life in a tiny apartment.

    March 29, 2017

    Tip #151: You already know what to do.

    I’m in a Spring cleaning kind of mood and with that comes a bit of Spring mess-making. It’s the time of year when I can’t help myself but to buy up spring bulbs at the farmer’s market and bring them back to my tiny apartment to get muddy with. I realize that I’m likely one of few people on the internet who could gawk at photos of delicate muscari and tiny narcissus all day and be content, but here we are. 

    I’ve written a fair bit in this series about making the most out of limited space and limited access to the great outdoors. In a post that’s now so old that it refers to James as my boyfriend, I mentioned that it’s helpful to think of the city as your living room. In another post that features a 23-month-old Faye in all her pantless glory, I suggested embracing messes and getting yourself a drop cloth. This weekend I potted these spring plants and uncovered an entire family spiders had taken up residence in the bag of soil I keep in a metal tin in our linen closet. (Luckily, it wasn’t my first time at the bug rodeo.)

    I was home by myself when the spiders emerged. (James and children on a mission to climb every stranger’s stoop in Brooklyn.) I vacuumed them up. I doused their tin in the combination of Castile soap and water that I call our all-purpose spray. I called my mom and asked if her if she thought I needed to dump the remaining soil and before I let her answer me, I convinced myself that yes, indeed, keeping a bag of spider-filled soil in a small apartment (or anywhere) probably isn’t worth the cubic foot of dirt.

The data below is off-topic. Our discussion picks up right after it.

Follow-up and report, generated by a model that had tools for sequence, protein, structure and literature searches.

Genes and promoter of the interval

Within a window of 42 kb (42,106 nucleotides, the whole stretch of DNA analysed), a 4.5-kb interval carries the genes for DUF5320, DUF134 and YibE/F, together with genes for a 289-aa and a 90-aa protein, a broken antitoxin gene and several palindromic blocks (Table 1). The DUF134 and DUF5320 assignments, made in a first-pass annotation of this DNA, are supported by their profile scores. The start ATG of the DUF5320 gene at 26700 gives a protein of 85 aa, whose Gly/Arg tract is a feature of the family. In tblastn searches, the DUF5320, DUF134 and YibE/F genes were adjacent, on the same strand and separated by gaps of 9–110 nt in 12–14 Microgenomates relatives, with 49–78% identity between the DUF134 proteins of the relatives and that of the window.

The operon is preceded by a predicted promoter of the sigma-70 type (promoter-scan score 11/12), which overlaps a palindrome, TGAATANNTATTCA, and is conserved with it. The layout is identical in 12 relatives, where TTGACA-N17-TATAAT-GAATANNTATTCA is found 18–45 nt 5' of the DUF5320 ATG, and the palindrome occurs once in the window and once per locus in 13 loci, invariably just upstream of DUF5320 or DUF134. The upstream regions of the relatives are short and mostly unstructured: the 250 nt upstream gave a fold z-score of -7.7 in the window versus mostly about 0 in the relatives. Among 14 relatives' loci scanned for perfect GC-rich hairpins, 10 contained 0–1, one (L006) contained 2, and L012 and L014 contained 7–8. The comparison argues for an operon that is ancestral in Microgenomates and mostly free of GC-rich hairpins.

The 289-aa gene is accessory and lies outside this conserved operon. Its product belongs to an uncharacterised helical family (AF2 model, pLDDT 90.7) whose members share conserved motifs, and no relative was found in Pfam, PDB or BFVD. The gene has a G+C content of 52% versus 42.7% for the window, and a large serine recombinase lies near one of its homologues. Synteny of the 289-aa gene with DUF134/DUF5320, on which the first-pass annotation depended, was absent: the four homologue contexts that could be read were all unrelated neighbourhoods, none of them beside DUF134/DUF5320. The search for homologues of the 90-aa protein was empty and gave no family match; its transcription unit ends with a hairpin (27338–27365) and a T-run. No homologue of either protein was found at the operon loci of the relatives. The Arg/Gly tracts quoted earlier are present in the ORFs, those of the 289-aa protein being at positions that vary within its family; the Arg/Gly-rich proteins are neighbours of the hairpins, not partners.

What’s the point? I already knew the answer to my spider query. I just had to talk my way through it.

    I get so many emails from readers, and I promise I do my best to answer them, but over and over again, I think the answers lie in the questions themselves. You can problem-solve a tiny apartment for the entirety of the time that you live in it. Indeed, you probably will. There’s no end game here. Life keeps evolving. Spider eggs hatch. Babies grow into kids. Spaces are mutable. We’re all in a process of feeling comfortable in our skin and in our own homes and there’s not one answer that’s gonna unlock a secret that changes everything. So while we’re all busily readying our minds and homes for a new season, here’s a reminder that I don’t have very many perfect answers, but I can lend a bit of encouragement to make tiny fixes, and add green things, and make the bed. If gawking at daffs is what helps, do that. It’s sure helped me, spiders and all.

    Tiny apartment survival tips #1-#150 right this way.

    spring cleaning, two ways.

    March 27, 2017

    spring cleaning, two ways | reading my tea leaves

    Spring is here, even if it hasn’t quite gotten the memo that that might mean bringing warmer temperatures along with it. (I walked to to work with my socks off last week and nearly froze to death, so you know.) Still, in recognition of the shift in seasons and the accompanying yen for a fresh start, here’s a little post about welcoming Spring with an eye toward being good stewards of our planet and ourselves.

    Freshen your sheets, two ways:
    + Consider investing in a new thoughtfully made set
    Stick a lavender sachet into the place where you keep what you have. We store our sheet sets in bags and or pillowcases to keep them organized (you might recall), and I recently started tucking lavender sachets into each bag for seriously good smelling sheets.

    Clean your fridge, two ways:
    + Examine the shelves on your fridge door. Throw away what’s nasty, keep what you love (and pledge to use it). Add something yummy.
    + For just a week, challenge yourself to buy nothing at the grocery store that comes in a plastic package. See what you come up with and what your stumbling blocks might be. (For me, it’s dairy. Always.)